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Co-Design and Participatory Methods for Wellbeing

Research output: Contribution in Book/Report/Proceedings - With ISBN/ISSNChapter (peer-reviewed)

Published

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Co-Design and Participatory Methods for Wellbeing. / Tsekleves, Emmanuel.

Design for Wellbeing: An Applied Approach. ed. / Ann Petermans; Rebecca Cain. London : Routledge, 2019. (Design for Social Responsibility).

Research output: Contribution in Book/Report/Proceedings - With ISBN/ISSNChapter (peer-reviewed)

Harvard

Tsekleves, E 2019, Co-Design and Participatory Methods for Wellbeing. in A Petermans & R Cain (eds), Design for Wellbeing: An Applied Approach. Design for Social Responsibility, Routledge, London. <https://www.routledge.com/Design-for-Wellbeing-An-Applied-Approach-1st-Edition/Petermans-Cain/p/book/9781138562929>

APA

Tsekleves, E. (2019). Co-Design and Participatory Methods for Wellbeing. In A. Petermans, & R. Cain (Eds.), Design for Wellbeing: An Applied Approach (Design for Social Responsibility). Routledge. https://www.routledge.com/Design-for-Wellbeing-An-Applied-Approach-1st-Edition/Petermans-Cain/p/book/9781138562929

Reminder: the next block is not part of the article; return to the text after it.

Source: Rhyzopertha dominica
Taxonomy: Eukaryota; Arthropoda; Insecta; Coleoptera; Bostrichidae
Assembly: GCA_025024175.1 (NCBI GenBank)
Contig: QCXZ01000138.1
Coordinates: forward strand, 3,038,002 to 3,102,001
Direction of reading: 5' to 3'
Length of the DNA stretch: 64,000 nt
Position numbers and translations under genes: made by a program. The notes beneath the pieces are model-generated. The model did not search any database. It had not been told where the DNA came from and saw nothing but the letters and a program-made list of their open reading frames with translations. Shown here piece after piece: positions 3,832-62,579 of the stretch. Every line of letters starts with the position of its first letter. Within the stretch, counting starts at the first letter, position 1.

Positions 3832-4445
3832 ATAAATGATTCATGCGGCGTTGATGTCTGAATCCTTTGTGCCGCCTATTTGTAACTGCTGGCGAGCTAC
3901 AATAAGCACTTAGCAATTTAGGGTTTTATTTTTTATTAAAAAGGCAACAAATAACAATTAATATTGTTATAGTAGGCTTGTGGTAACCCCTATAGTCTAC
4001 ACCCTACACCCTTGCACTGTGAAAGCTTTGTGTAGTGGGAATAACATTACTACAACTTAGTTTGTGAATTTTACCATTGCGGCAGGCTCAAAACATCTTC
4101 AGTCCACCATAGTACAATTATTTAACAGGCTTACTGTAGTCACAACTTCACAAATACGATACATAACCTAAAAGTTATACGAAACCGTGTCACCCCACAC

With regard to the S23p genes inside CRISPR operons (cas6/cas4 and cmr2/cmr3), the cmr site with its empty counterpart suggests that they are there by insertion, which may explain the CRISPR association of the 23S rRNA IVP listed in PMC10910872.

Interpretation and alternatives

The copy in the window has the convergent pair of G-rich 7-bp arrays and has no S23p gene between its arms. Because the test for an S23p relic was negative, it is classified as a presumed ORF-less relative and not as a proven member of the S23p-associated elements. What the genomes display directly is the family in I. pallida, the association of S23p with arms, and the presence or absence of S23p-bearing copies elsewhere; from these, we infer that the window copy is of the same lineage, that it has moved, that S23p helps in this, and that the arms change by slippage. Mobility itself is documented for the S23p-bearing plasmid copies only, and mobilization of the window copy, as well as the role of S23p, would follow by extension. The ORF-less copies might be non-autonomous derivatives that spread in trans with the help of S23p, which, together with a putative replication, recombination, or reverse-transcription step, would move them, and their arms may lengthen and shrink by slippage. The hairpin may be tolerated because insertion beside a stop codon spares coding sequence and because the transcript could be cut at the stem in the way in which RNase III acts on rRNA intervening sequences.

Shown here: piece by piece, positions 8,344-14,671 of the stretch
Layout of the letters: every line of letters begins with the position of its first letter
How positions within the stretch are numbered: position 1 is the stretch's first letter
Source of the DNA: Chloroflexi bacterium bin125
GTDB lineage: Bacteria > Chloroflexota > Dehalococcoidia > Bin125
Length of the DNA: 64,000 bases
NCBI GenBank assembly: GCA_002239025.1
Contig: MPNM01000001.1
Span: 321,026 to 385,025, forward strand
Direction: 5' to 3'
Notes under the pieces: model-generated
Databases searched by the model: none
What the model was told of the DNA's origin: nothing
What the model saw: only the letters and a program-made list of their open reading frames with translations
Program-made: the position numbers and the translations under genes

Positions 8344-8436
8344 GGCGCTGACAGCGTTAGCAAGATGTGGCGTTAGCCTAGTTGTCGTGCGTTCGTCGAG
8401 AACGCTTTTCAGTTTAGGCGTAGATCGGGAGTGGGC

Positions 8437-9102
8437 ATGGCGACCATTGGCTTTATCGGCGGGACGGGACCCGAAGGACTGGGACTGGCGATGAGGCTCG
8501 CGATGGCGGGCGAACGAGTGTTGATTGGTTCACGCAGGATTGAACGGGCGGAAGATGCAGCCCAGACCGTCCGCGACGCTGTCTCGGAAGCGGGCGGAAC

Vancouver

Tsekleves E. Co-Design and Participatory Methods for Wellbeing. In Petermans A, Cain R, editors, Design for Wellbeing: An Applied Approach. London: Routledge. 2019. (Design for Social Responsibility).

Author

Tsekleves, Emmanuel. / Co-Design and Participatory Methods for Wellbeing. Design for Wellbeing: An Applied Approach. editor / Ann Petermans ; Rebecca Cain. London : Routledge, 2019. (Design for Social Responsibility).

Bibtex

@inbook{600ff9e95cf24783b5f877b247e3a134,
title = "Co-Design and Participatory Methods for Wellbeing",
abstract = "Wellbeing and health are closely connected as one affects the other (Howell et al,2007; Diener and Chan, 2011). Wellbeing forms a complex notion with both anexternal (e.g. poverty, physical impairment) as well as an internal dimension (e.g.mental issues, happiness). Participatory and co-design approaches present afundamental shift in the traditional designer-user relationship. The co-designapproach enables a wide range of people to make a creative contribution in thesolution but critically also in the formulation of a problem, a task that has beenpredominantly led by designers previously. In this chapter we explore the current use of participatory design and co-design approaches for wellbeing. Following anintroduction to the theory, we provide an overview of the main areas whereparticipatory and co-design approaches are being applied in relation to wellbeing. We also present two case studies where such approaches are employed for enhancing the wellbeing of people living with dementia and Parkinson{\textquoteright}s disease. Following this we discuss the challenges and benefits for the use of co-design and participatory methods in wellbeing research projects and provide the reader with several recommendations.",